Spatial • Binary • Probabilistic • UserDefined Metrics
C++ 11 •
Python 3 •
JavaScript •
Java •
Rust •
C 99 •
ObjectiveC •
Swift •
C# •
GoLang •
Wolfram
Linux • MacOS • Windows • iOS • Android • WebAssembly •
SQLite3
 ✅ 10x faster HNSW implementation than FAISS.
 ✅ Simple and extensible single C++11 header library.
 ✅ Trusted by giants like Google and DBs like ClickHouse & DuckDB.
 ✅ SIMDoptimized and userdefined metrics with JIT compilation.
 ✅ Hardwareagnostic
f16
&i8
 halfprecision & quarterprecision support.  ✅ View large indexes from disk without loading into RAM.
 ✅ Heterogeneous lookups, renaming/relabeling, and onthefly deletions.
 ✅ Binary Tanimoto and Sorensen coefficients for Genomics and Chemistry applications.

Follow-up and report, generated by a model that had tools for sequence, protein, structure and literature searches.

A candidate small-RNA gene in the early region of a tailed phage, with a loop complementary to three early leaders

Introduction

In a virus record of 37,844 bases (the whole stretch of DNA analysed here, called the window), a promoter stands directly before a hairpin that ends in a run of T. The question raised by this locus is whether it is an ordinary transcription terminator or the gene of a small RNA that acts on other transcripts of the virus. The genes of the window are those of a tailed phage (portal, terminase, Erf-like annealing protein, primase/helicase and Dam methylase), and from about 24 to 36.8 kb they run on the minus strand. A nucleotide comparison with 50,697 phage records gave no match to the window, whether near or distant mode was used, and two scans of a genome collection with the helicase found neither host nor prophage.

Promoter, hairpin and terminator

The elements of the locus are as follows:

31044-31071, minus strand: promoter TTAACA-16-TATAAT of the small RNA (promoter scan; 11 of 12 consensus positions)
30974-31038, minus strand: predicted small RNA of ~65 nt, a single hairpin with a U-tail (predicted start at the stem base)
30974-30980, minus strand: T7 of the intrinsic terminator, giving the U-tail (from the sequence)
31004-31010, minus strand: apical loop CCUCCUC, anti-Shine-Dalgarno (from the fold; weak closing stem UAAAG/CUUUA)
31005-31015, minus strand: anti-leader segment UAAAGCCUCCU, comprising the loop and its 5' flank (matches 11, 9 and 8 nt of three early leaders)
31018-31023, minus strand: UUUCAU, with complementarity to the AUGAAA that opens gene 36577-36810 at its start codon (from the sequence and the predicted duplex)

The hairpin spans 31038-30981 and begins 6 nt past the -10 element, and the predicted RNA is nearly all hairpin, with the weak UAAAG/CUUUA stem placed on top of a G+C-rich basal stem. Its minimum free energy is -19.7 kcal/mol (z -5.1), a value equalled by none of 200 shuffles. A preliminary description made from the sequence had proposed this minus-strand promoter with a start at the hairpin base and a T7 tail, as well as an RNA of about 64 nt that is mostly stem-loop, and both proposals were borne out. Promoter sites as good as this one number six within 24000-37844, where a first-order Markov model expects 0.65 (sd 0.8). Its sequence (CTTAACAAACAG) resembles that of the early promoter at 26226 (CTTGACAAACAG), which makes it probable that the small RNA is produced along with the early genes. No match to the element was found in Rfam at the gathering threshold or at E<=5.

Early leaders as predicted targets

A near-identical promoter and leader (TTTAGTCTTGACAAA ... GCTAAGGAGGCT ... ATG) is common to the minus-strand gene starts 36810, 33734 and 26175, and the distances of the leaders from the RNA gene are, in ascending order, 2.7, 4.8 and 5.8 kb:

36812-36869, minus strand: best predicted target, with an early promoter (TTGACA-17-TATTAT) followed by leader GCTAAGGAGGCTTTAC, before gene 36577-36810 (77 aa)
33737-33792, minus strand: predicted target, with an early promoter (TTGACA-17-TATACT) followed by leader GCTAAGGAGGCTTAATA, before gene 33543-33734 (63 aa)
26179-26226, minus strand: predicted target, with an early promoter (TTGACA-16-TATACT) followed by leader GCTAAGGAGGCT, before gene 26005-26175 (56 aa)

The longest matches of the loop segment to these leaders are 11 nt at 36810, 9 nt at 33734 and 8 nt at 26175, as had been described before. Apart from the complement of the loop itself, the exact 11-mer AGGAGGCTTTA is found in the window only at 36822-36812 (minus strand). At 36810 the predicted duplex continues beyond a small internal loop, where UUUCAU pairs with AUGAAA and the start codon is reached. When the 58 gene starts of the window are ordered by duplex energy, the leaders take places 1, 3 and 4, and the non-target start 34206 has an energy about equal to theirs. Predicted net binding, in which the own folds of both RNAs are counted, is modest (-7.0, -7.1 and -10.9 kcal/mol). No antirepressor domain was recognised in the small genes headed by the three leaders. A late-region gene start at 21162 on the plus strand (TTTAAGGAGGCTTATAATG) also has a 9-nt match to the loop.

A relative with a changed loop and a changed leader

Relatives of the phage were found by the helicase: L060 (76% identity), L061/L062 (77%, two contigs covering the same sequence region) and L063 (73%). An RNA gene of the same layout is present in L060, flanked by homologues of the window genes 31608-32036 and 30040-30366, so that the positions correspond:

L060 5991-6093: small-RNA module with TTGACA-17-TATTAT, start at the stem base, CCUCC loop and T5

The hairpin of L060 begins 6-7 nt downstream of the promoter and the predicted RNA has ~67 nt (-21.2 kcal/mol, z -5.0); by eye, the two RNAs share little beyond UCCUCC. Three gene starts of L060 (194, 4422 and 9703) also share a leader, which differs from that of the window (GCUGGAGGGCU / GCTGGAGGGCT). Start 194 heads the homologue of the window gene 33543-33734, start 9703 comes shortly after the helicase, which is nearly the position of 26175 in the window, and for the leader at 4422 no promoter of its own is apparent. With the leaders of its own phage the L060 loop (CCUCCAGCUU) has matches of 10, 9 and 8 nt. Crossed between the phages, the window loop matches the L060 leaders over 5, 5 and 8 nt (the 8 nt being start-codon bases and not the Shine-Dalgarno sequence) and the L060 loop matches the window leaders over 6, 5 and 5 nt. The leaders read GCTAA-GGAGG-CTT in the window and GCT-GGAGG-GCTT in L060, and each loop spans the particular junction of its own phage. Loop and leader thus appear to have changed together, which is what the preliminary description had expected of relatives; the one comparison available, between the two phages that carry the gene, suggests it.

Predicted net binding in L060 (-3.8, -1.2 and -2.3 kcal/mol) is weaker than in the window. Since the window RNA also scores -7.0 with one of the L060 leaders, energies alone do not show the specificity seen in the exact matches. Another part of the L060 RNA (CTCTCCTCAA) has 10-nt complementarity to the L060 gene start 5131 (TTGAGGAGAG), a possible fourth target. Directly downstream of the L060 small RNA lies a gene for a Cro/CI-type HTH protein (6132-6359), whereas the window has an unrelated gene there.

✅ Spaceefficient pointclouds with
uint40_t
, accommodating 4B+ size.  ✅ Compatible with OpenMP and custom "executors" for finegrained parallelism.
 ✅ Semantic Search and Joins.
 🔄 Nearrealtime clustering and subclustering for Tens or Millions of clusters.
Technical Insights and related articles:

Uses Arm SVE and x86 AVX512's masked loads to eliminate tail
for
loops.  Uses Horner's method for polynomial approximations, beating GCC 12 by 119x.
 For every language implements a custom separate binding.
FAISS is a widely recognized standard for highperformance vector search engines. USearch and FAISS both employ the same HNSW algorithm, but they differ significantly in their design principles. USearch is compact and broadly compatible without sacrificing performance, primarily focusing on userdefined metrics and fewer dependencies.
FAISS  USearch  Improvement  

Indexing time ⁰  
100 Million 96d f32 , f16 , i8 vectors 
2.6 · 2.6 · 2.6 h  0.3 · 0.2 · 0.2 h  9.6 · 10.4 · 10.7 x 
100 Million 1536d f32 , f16 , i8 vectors